Studies on the Earth’s hydrology in general thrive on abundant data, while data on certain groundwater systems are virtually absent as a result of their inaccessibility. This poses challenges for understanding and modeling such systems, yet modeling is often the only option to study them. When it comes to limited data availability, a simple model may have a better predictive performance than a complex model. In a case study of a subpermafrost groundwater system on Svalbard we applied three simplified models which do not cover all processes, and compared their outcomes. The results of all models were different and sometimes contrasting. By combining all model results within their associated assumptions we show how dynamic processes in data-limited subpermafrost groundwater systems can be interpreted. Using multiple interpretations of a system by making different assumptions can thus be used to understand processes in data limited groundwater systems. Our results also illuminate the fierce data scarcity of subpermafrost groundwater systems, and the necessity of resolving this.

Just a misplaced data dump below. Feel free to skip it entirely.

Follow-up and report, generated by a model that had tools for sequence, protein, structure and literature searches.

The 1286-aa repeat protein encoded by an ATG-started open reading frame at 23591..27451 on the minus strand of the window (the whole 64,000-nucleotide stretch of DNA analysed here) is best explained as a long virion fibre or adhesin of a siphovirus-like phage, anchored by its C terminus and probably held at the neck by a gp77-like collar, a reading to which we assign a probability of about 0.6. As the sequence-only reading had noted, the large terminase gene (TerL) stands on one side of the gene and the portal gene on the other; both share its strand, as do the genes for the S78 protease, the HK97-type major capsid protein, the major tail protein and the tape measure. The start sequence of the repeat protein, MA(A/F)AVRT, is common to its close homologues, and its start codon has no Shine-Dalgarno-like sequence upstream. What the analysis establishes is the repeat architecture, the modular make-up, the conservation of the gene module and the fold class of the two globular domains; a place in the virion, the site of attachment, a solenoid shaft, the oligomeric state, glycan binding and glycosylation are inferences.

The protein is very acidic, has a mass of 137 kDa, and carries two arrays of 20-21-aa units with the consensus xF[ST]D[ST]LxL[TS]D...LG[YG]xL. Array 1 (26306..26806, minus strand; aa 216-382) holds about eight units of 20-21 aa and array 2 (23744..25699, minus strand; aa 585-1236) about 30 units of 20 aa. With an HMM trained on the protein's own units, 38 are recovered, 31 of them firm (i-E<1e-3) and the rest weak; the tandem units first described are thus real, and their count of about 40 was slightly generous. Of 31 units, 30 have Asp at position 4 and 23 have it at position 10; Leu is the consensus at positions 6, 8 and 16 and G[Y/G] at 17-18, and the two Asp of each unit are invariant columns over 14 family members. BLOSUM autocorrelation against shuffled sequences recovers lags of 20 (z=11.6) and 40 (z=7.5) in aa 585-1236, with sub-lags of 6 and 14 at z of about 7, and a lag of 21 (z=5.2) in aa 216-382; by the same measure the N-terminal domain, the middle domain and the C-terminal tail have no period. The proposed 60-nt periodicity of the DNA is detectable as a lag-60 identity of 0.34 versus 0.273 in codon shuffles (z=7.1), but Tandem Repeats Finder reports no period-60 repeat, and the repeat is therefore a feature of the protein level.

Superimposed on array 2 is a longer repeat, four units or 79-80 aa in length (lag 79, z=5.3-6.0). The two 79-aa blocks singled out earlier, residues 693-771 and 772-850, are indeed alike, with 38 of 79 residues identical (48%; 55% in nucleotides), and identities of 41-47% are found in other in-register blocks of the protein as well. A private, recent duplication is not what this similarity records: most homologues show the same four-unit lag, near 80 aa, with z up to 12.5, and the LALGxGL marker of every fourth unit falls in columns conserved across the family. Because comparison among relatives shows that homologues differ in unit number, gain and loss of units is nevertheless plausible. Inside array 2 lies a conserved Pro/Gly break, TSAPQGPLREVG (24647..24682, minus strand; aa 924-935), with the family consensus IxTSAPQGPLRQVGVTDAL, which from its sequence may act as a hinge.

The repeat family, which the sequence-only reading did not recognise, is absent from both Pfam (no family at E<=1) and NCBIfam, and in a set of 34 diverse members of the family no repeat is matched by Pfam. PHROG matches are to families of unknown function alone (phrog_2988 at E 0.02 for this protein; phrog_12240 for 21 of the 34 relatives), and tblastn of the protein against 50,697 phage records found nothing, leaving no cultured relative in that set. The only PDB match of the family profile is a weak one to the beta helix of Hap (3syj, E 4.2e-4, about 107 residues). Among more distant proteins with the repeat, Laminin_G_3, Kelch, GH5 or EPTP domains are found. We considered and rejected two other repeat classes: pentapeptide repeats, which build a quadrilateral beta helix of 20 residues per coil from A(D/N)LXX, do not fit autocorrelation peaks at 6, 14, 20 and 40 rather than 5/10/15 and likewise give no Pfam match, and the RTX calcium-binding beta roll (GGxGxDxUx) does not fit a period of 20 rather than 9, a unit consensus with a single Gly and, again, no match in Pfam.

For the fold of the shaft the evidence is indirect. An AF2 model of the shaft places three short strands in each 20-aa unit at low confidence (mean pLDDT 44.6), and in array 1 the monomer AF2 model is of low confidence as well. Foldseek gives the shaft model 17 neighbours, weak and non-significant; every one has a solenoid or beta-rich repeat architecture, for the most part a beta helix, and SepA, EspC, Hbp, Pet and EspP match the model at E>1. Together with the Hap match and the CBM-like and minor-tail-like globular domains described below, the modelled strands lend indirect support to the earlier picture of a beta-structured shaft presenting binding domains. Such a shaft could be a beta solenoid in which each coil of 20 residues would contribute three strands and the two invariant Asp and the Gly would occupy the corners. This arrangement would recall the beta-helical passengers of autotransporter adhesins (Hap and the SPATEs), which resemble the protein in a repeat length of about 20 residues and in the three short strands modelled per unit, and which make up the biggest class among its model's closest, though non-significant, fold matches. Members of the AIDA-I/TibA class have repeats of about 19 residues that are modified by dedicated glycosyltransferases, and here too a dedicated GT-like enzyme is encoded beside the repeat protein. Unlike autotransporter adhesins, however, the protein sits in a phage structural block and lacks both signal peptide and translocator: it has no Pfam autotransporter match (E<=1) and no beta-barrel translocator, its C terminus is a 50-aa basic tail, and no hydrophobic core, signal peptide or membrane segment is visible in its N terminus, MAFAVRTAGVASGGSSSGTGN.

- fresh-water ecosystems
- axel-heiberg island
- north slope
van der Ploeg, M. J., Haldorsen, S., Leijnse, A., & Heim, M. (2012). Subpermafrost groundwater systems: Dealing with virtual reality while having virtually no data. Journal of Hydrology, 475, 42-52. https://doi.org/10.1016/j.jhydrol.2012.08.046